After a hot-spring bath and a long-anticipated face shave, I slept for a while in the bath house. I awoke to the sound of a gaggle of ladies discussing what country I might be from. I answered the unasked question in Japanese, and they plied me with questions, while a husband patiently waited. One of the ladies eventually asked if my hair was real, and one of her friends answered her with the assertion that they must surely be extensions, mustn't they?
I allowed a moment or two for such assumptions before getting out my scissors, asserting the genuine nature of my hair, and inviting them to cut one off.
The lady who took the scissors seemed a little confused by what I meant her to do, until I removed all doubt by directing the scissors to the base of the lock she had selected.
Taking one or two snips, she freed the lock from my head, and then asked, "now what do we do with it?"
"Indeed," I replied, and after the slightest pause asked if she wanted to keep it. To my surprise, the answer was "yes!" The ladies all agreed that it should be an exchange, but said that since they had only come out to have a bath, they had nothing with them. Their bags were full of evidence to the contrary, and soon they were all rooting through their bags in search of some exchangeable object.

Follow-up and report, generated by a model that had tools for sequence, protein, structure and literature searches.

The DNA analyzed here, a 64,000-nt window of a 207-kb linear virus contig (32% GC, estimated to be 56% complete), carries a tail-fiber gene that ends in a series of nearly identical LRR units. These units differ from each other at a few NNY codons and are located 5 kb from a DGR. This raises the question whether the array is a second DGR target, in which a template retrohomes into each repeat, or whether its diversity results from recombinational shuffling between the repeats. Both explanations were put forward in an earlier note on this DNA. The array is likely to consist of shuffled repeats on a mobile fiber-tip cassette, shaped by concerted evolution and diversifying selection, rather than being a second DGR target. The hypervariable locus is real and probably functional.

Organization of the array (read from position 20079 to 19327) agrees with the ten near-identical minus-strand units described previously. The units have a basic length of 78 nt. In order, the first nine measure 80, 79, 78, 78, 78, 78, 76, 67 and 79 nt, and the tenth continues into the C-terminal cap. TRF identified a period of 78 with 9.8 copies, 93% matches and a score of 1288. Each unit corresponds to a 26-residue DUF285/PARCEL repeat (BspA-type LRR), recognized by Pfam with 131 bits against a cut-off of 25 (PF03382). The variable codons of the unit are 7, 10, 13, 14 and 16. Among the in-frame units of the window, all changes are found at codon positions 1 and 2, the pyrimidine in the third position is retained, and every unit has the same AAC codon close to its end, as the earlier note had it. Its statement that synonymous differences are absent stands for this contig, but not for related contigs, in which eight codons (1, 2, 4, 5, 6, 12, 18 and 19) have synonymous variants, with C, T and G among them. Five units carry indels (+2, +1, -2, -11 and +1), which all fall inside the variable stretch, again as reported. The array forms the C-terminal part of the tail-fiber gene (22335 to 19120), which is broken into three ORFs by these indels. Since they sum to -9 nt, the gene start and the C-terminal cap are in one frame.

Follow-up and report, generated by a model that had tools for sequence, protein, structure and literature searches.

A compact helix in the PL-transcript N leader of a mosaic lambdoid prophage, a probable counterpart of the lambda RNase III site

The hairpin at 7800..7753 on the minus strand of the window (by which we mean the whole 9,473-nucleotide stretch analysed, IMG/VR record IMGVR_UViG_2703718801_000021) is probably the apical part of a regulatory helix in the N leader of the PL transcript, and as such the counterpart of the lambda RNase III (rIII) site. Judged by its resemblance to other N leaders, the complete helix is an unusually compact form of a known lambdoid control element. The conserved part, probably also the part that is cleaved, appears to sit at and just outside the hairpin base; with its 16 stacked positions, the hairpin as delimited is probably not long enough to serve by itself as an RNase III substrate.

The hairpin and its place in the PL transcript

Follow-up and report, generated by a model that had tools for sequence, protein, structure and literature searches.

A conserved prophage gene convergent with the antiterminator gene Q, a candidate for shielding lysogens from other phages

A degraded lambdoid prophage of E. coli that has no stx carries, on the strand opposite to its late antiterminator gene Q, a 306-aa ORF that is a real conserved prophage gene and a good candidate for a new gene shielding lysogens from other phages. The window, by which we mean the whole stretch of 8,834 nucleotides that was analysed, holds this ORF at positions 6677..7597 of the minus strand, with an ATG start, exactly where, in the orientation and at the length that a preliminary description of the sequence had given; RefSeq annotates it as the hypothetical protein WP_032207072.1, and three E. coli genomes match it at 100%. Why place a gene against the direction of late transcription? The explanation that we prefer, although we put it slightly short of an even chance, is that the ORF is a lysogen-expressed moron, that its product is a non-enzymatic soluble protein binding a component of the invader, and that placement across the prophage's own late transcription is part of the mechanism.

One of them offered me a rather precious-looking finely embroidered pink purse, but I said it looked rather too precious. I told them some of the other objects people had been exchanging for the locks (shampoo, umbrellas and other useful things) and pointed to a pair of cheap plastic hair brushes, hinting that one of those would do, but either the hint was not taken, or they did not feel a cheap plastic hairbrush was a good exchange. Eventually, one of the ladies found a slightly less cheap-looking plastic hairbrush in the bottom of her bag, and this turned out to be an exchange acceptable to all parties.
Since when did I get so picky about the objects that were exchanged? Perhaps an element of self-protection is an inherent aspect of bartering.
We said our farewells and the ladies left, and I hitchhiked back down to the peach farm, but it was another few days before the next eligible mention of my dreadlocks.
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